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NAFTA means more Canada-Mexico freight: study

TORONTO, Ont. - While most border-bound truckers are hauling freight to and from the U.S., a growing amount of cargo is traveling across the entire continent, thanks to the North American Free Trade A...



TORONTO, Ont. – While most border-bound truckers are hauling freight to and from the U.S., a growing amount of cargo is traveling across the entire continent, thanks to the North American Free Trade Agreement.

Canada’s highway-hauled imports from Mexico jumped from US $889 million in 1990 to US $2.3 billion in 1995, and then climbed to US $2.8 billion in 1996, according to a recently released report compiled by the statistical agencies of Canada, Mexico, and the U.S.

The 400-page study, North American Transportation in Figures, is a crunching of transport-related numbers from the three countries under the auspices of the North American Transportation Statistics Interchange – basically, a branch of NAFTA.

The trade deal came into force on January 1994.

Covering the years 1990, 1995 and 1996, “the report strives to present a balanced picture of the benefits transportation confers as well as the impacts it has,” on the three country’s economies.

According to the study, Canada’s road-based merchandise trade with Mexico increased from US $1.1 billion in 1990 to US $3.1 billion in 1996. Canada’s total trade with Mexico, over the same period, went from US $2.1 billion to US $5.4 billion.

Canada’s road-delivered exports to Mexico were worth US $244 million in 1990, increased to US $295 million in 1995, then climbed to US $301 million in 1996.

All values are inflation-adjusted U.S. dollars.

According to the report, Canada had 234,000 truck drivers in 1990, 224,000 in 1995 and 237,000 in 1996, while the U.S. had 2.6 million, 2.9 million, and 3 million, respectively. By way of comparison, workers in transportation occupations in Canada totaled 418,000 in 1990, 430,000 in 1995 and 429,000 in 1996; the U.S. totaled 4 million in 1990, 4.3 million in 1995, and 4.4 million in 1996. Data from Mexico wasn’t provided.

As for the number of commercial-freight vehicles on the road, Canada had 176,368 in 1990; 181,568 in 1995 and 206,305 in 1996. Mexico had 3 million in 1990, 3.6 million in 1995 and 3.7 million in 1996. The U.S. had 6.2 million in 1990, 6.7 million in 1995 and 7.1 million in 1996.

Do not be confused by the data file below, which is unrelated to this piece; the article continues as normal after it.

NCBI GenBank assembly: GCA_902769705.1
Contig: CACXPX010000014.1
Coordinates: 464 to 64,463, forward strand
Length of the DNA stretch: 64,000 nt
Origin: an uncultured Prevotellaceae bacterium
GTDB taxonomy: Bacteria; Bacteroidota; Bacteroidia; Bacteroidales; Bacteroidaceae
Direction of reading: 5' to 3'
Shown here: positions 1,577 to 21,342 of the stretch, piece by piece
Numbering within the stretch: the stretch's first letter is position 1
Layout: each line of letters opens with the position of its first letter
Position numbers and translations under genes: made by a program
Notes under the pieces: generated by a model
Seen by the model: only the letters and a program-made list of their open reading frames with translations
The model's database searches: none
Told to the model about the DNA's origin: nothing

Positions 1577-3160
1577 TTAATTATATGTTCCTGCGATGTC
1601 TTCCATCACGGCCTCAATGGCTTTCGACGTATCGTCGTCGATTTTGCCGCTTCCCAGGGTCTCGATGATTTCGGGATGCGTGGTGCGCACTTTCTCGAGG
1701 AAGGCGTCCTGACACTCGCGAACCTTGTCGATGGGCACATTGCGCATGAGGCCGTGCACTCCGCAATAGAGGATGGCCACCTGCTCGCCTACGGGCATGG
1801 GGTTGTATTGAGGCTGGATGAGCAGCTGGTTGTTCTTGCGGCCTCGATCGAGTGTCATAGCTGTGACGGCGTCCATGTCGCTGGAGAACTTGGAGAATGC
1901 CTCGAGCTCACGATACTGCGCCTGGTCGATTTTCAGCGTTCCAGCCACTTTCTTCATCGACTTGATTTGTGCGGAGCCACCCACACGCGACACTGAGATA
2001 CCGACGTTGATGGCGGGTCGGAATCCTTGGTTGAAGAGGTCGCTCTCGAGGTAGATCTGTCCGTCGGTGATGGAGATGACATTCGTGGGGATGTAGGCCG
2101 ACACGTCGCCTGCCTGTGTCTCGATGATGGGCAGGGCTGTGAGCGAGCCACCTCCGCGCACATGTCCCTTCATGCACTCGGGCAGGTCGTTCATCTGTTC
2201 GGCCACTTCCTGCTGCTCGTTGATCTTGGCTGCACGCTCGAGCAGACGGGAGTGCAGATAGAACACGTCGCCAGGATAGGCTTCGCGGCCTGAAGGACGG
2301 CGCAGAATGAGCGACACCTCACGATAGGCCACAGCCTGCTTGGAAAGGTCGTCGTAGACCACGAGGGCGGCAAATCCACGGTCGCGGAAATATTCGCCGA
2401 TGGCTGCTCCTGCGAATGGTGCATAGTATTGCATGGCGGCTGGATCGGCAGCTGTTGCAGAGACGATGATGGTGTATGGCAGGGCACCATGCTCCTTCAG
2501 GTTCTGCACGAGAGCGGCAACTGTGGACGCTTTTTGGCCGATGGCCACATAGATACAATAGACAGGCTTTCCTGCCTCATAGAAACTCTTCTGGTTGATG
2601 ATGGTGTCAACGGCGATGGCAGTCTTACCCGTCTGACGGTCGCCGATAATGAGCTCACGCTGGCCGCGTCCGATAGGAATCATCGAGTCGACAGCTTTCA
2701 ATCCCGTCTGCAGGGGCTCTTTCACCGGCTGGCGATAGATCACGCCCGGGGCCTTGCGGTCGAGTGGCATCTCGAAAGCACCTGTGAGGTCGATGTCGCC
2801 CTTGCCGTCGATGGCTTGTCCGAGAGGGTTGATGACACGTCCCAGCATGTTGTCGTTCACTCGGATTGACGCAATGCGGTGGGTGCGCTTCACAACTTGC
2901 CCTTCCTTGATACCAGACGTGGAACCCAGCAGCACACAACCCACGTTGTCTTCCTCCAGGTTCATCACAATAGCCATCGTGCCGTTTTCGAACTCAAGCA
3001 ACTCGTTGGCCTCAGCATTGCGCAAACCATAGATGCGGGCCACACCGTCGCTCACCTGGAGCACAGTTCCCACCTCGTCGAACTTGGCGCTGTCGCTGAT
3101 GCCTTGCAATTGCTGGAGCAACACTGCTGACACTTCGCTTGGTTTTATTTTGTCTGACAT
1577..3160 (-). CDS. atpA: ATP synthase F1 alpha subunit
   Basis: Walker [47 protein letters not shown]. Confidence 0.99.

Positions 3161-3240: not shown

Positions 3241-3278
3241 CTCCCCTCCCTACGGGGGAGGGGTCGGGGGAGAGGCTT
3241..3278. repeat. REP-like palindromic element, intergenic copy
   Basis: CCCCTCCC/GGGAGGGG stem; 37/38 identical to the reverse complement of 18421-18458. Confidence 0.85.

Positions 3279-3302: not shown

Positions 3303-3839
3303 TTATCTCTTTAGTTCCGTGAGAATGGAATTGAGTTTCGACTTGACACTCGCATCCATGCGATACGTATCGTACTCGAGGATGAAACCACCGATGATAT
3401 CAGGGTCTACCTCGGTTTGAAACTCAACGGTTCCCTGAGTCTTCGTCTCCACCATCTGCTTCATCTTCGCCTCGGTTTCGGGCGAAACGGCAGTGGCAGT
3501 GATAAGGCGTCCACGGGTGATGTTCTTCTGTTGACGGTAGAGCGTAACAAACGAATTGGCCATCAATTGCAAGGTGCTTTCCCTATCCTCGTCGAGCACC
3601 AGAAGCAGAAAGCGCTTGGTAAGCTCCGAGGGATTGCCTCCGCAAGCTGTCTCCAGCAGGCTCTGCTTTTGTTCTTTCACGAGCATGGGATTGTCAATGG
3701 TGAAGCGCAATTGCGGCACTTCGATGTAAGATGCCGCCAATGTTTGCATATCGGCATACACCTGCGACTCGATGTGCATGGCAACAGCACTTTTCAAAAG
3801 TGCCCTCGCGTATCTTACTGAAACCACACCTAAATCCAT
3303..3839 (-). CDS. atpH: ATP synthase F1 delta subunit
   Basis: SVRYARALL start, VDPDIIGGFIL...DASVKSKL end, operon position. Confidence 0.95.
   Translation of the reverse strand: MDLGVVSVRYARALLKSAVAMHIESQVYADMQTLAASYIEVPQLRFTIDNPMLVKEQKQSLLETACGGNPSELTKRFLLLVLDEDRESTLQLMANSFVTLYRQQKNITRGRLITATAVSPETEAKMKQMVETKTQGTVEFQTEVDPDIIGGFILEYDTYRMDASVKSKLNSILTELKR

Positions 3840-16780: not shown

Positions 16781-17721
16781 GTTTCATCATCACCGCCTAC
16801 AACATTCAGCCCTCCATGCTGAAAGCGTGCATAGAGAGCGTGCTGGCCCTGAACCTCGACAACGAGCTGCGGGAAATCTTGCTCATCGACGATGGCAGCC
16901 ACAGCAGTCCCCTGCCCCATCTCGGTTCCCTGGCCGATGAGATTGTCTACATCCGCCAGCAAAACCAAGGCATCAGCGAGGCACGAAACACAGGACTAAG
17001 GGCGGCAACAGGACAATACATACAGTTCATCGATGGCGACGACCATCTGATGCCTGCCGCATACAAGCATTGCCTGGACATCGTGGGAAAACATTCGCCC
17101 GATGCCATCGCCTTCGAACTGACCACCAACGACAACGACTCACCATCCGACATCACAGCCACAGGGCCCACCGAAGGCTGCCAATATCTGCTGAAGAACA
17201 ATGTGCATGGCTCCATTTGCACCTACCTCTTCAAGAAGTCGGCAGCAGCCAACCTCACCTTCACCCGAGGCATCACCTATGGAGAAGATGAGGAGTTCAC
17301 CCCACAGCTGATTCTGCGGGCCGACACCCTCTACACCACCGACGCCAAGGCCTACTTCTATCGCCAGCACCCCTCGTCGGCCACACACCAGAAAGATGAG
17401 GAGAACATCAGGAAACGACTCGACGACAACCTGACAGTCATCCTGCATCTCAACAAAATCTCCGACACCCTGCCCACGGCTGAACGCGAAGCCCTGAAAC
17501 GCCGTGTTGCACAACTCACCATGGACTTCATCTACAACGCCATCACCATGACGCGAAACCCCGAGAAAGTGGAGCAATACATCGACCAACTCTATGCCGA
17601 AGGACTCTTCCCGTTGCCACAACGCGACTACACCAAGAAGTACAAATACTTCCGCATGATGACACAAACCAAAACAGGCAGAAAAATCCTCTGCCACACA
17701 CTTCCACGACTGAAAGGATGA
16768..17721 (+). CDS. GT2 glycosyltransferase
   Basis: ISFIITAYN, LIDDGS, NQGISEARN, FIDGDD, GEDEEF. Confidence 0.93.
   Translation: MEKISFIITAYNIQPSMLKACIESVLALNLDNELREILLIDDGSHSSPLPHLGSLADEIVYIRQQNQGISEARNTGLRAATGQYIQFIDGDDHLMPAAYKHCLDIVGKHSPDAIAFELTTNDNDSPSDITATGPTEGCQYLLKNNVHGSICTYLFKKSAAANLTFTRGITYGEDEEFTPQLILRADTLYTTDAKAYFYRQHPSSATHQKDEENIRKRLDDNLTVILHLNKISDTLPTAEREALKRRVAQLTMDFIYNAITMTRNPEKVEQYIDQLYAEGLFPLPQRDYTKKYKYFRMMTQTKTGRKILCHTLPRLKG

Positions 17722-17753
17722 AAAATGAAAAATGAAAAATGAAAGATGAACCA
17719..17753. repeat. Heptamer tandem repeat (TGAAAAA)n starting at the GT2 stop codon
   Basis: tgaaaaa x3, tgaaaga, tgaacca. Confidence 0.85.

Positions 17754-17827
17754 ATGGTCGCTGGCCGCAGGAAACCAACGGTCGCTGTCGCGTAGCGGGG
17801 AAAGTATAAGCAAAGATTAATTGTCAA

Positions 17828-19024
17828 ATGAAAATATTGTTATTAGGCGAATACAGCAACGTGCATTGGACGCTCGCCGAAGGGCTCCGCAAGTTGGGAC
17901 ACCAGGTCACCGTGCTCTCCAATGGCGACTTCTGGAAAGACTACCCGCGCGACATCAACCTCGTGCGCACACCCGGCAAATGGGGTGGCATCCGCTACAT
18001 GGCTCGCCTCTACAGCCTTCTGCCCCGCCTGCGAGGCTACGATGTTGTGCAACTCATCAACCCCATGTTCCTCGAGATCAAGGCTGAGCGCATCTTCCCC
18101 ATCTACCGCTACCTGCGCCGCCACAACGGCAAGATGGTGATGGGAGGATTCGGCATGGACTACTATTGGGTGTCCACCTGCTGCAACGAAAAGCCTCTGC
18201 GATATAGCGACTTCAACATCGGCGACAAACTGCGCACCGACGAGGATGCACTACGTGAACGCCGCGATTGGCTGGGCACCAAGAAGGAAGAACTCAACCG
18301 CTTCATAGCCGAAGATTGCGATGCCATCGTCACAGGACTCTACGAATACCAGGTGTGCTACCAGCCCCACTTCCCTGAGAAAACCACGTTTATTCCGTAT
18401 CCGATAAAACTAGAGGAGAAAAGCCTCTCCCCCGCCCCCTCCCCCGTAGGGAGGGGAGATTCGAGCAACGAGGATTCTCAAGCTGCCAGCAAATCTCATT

Trucking, warehousing and storage accounted for US $7.7 billion dollars of Canada’s gross domestic products in 1990, US $8.7 billion in 1995 and US $8.6 billion in 1996, and accounted for US $9.7 billion of Mexico’s GDP in 1990, US $9.4 billion in 1995 and US $11.3 billion in 1996. Of the States’ GDP, it accounted for US $75.8 billion in 1990, US $98 billion in 1995 and US $92.9 billion in 1996.

In 1990, Canada spent US $10.2 billion on road expenditures, followed by US $8.9 billion in 1995 then US $8.6 billion in 1996. Mexico, in 1990, spent US $655 million, then spent US $892 million in 1995 and then, one year later, US $1.3 billion. The U.S., easily dwarfing both Canada and Mexico, spent US $61.8 billion in 1990, US $77.8 billion in 1995 and then US $78.4 billion in 1996.

Although neither Canada nor Mexico provided total government expenditures, the U.S. did: US $96.4 billion in 1990, US $123.1 billion in 1995, US $124.5 billion in 1996. As you can see, the U.S., each year, put more than 60 per cent of its money into building and upgrading its roads and highways.

In terms of road safety, Canada suffered 3,963 road fatalities in 1990, 3,351 in 1995 and 3,091 in 1996. Of those figures, large truck fatalities totaled 107, 72 and 59, respectively. Furthermore, large trucks accounted for 3,951 of the 262,680 road injuries in Canada in 1990, 3,377 of the 241,935 recorded in 1995 and 3,231 of the 230,890 recorded in 1996.

Our safety record is improving.

Mexico, on the other hand, had 10,201 deaths on its roadways in 1990, 9,043 deaths in 1995 and 9,305 deaths in 1996: large-truck deaths totaled 67 in 1990, 125 in 1995 and 176 in 1996. Large trucks were involved in 638 of 93,325 injuries recorded on Mexico’s roadways in 1990; 1,025 of 121,638 in 1995; and 1,340 of the 115,274 in 1996.

A total of 44,599 people were killed on U.S. roads in 1990, 41,817 were killed in 1995 and 42,065 were killed in 1996: truck deaths were 705 in 1990, 648 in 1995 and 621 in 1996. n


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